A satellite transponder is the component in a satellite that receives and transmits signals from and to gateways and user terminals. A satellite transponder must be able to carry a large number of subscribers simultaneously in order to be cost effective. Various satellite access schemes such as time division multiplex access (TDMA) and code division multiplex access (CDMA) spread spectrum allow access to transponders by a large number of subscribers. Digital CDMA is preferable to other satellite access schemes as more communication signals can be carried at a lower cost and higher quality. This is due in part because CDMA systems enable use of low powered signals which minimize cross channel interference and conserve satellite power.
In a typical spread-spectrum communication system, preselected pseudorandom noise (PN) code sequences are used to modulate or ‘spread’ user information signals over a predetermined spectral band prior to modulation onto a carrier for transmission as communication signals. PN spreading is a method of spread-spectrum transmission that is well known in the art.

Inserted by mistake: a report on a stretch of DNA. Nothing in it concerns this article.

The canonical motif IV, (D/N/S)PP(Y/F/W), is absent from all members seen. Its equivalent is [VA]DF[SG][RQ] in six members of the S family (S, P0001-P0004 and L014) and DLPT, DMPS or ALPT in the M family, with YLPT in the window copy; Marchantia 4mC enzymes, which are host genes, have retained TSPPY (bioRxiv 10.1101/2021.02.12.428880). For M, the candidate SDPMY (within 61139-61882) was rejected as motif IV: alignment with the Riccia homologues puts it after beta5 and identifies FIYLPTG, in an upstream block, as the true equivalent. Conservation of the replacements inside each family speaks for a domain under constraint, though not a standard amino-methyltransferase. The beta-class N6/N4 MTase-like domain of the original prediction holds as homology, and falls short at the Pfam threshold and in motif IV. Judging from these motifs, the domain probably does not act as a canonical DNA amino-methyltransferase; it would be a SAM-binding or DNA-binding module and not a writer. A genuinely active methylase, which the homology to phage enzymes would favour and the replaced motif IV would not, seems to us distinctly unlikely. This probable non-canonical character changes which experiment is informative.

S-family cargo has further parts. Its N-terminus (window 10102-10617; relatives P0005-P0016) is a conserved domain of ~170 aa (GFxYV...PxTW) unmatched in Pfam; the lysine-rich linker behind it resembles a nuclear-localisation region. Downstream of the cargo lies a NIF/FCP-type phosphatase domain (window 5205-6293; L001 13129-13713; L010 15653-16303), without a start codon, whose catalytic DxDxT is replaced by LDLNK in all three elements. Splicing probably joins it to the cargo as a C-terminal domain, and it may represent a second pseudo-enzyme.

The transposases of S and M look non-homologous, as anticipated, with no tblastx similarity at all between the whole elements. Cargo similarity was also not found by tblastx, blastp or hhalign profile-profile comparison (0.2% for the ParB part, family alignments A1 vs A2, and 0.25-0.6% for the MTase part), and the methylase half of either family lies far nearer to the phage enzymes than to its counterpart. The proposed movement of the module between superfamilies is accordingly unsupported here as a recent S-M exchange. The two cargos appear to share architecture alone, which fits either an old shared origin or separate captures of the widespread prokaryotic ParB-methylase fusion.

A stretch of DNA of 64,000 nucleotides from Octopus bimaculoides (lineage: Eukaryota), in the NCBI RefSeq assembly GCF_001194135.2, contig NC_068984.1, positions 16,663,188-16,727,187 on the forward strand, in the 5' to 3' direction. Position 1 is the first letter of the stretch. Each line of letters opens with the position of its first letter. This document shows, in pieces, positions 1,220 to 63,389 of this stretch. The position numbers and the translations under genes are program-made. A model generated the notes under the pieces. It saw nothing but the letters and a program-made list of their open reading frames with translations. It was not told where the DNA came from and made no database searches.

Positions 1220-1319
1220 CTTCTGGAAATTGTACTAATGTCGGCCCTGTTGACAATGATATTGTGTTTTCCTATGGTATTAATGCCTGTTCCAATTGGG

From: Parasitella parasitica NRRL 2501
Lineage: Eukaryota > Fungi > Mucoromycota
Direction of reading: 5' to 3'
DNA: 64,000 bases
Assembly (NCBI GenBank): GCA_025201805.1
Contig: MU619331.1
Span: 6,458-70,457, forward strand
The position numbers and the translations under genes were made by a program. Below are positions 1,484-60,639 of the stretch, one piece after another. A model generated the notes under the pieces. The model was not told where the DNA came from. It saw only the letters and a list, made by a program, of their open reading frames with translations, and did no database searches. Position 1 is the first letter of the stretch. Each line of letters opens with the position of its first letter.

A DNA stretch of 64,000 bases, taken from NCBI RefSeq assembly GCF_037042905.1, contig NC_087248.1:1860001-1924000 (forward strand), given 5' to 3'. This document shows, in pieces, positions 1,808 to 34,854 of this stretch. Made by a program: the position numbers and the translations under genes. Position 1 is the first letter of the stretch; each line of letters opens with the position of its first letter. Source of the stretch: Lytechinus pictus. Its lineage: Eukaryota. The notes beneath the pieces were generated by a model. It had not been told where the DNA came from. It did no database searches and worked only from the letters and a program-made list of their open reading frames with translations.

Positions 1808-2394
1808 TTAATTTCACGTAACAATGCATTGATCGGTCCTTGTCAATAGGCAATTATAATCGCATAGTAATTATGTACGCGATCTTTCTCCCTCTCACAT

In a typical CDMA spread-spectrum communication system, channelizing codes are used to discriminate between signals for different users within a cell or between user signals transmitted within a satellite beam, or sub-beam, on a forward link (i.e., the signal path from the base station or gateway to the user transceiver). That is, each user transceiver